Archaeologists from the National Museum in Copenhagen, using advanced 3D scanning technology, have made a significant discovery regarding the Jelling Stone Runes located in the town of Jelling, Denmark. The findings not only identified the individual behind the carving of these ancient stones but also shed light on the prominent role played by a Viking queen, Queen Thyra.
The Jelling Stones, a pair of massive stone monuments dating back to the 10th century, are of historical and cultural significance, often referred to as Denmark’s “birth certificate.” The first stone was raised by King Gorm the Old in tribute to his wife, Queen Thyra, and the second stone was erected by his son, King Harald Bluetooth, commemorating his parents and celebrating his rule over Denmark and Norway, along with his pivotal role in converting the Danish people to Christianity.
The breakthrough in this study came from the examination of the carving tracks on the runes, a technique similar to analyzing handwriting. Each runestone carver had a unique method of holding the chisel and striking it with a specific force, leading to distinct patterns in the runes’ grooves. The research team analyzed the angle and distance between these grooves, revealing that the Jelling Stones shared the same carving technique with the Laeborg Runestone, located approximately 30 kilometers away.
Crucially, the Laeborg Runestone contained an inscription that revealed the identity of the runestone carver: “Ravnunge-Tue carved these runes after Thyra, his queen.” Significantly, Queen Thyra’s name appeared on both the Jelling Stones and the Laeborg Runestone. This discovery confirmed that the same individual, Ravnunge-Tue, carved the inscriptions on these stones, making the connection between the Jelling Stones and Laeborg Runestone explicit.
However, Queen Thyra’s name also appeared on another runestone called Bække 1, with the inscription “Ravnunge-Tue and Fundin and Gnyple, the three made the stop of Thyra.” The prevalent use of Queen Thyra’s name on four different runestones highlights her immense importance in Viking-era Denmark.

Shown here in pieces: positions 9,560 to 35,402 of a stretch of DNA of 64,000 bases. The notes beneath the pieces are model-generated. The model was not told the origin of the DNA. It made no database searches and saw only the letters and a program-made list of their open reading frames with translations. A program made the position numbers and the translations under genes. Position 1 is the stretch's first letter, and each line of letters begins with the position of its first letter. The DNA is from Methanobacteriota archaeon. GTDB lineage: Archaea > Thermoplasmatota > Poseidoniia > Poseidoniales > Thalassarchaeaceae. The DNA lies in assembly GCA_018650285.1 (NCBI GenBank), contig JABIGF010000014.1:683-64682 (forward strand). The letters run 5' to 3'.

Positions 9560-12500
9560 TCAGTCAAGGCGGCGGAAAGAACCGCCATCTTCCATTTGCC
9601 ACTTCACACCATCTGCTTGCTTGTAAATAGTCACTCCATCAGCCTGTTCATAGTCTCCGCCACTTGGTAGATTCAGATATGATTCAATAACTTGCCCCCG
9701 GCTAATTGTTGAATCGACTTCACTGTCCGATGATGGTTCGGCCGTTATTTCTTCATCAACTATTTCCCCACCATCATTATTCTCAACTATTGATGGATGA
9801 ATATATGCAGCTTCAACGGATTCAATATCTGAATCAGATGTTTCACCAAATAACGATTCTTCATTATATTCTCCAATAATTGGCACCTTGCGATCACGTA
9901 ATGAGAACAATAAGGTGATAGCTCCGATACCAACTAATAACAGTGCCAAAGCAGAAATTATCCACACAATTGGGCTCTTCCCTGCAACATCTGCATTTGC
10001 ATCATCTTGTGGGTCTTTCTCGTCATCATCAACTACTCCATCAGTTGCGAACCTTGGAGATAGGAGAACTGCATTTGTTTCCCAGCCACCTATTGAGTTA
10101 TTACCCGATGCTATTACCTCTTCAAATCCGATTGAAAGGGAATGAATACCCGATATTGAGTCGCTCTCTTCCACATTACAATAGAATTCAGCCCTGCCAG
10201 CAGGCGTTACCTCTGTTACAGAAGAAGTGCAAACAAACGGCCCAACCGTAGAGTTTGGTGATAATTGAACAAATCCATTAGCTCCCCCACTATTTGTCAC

Lisbeth Imer, a runologist and senior researcher at the National Museum, emphasized the significance of this discovery, stating, “It is an absolutely incredible discovery that we now know the name of the rune maker behind the Jelling stone, but what makes the discovery even wilder is that we know Ravnunge-Tue’s boss. It is Queen Thyra from Jelling, i.e. Harald Blåtand’s mother, there can no longer be much doubt about that.”
This finding challenges previous assumptions about Queen Thyra’s role, suggesting that she likely came from an older, nobler family than King Gorm the Old, who is traditionally referred to as the first King of Denmark.
The prominence of Queen Thyra’s name on four different runestones also hints at the significant influence of women during the Viking Age. This discovery challenges the belief that Viking women held power solely through their husbands or sons and suggests that they might have wielded authority independently.
The research conducted by the National Museum of Denmark not only resolved the mystery of the Jelling Stone Runes but also provided new insights into the historical importance of Queen Thyra, her role in Denmark’s formation, and the potential influence of women during the Viking Age.
The findings of this research have been published in the journal Antiquity.
More information: Lisbeth M. Imer et al, (2023), A lady of leadership: 3D-scanning of runestones in search of Queen Thyra and the Jelling Dynasty, Antiquity. DOI: 10.15184/aqy.2023.108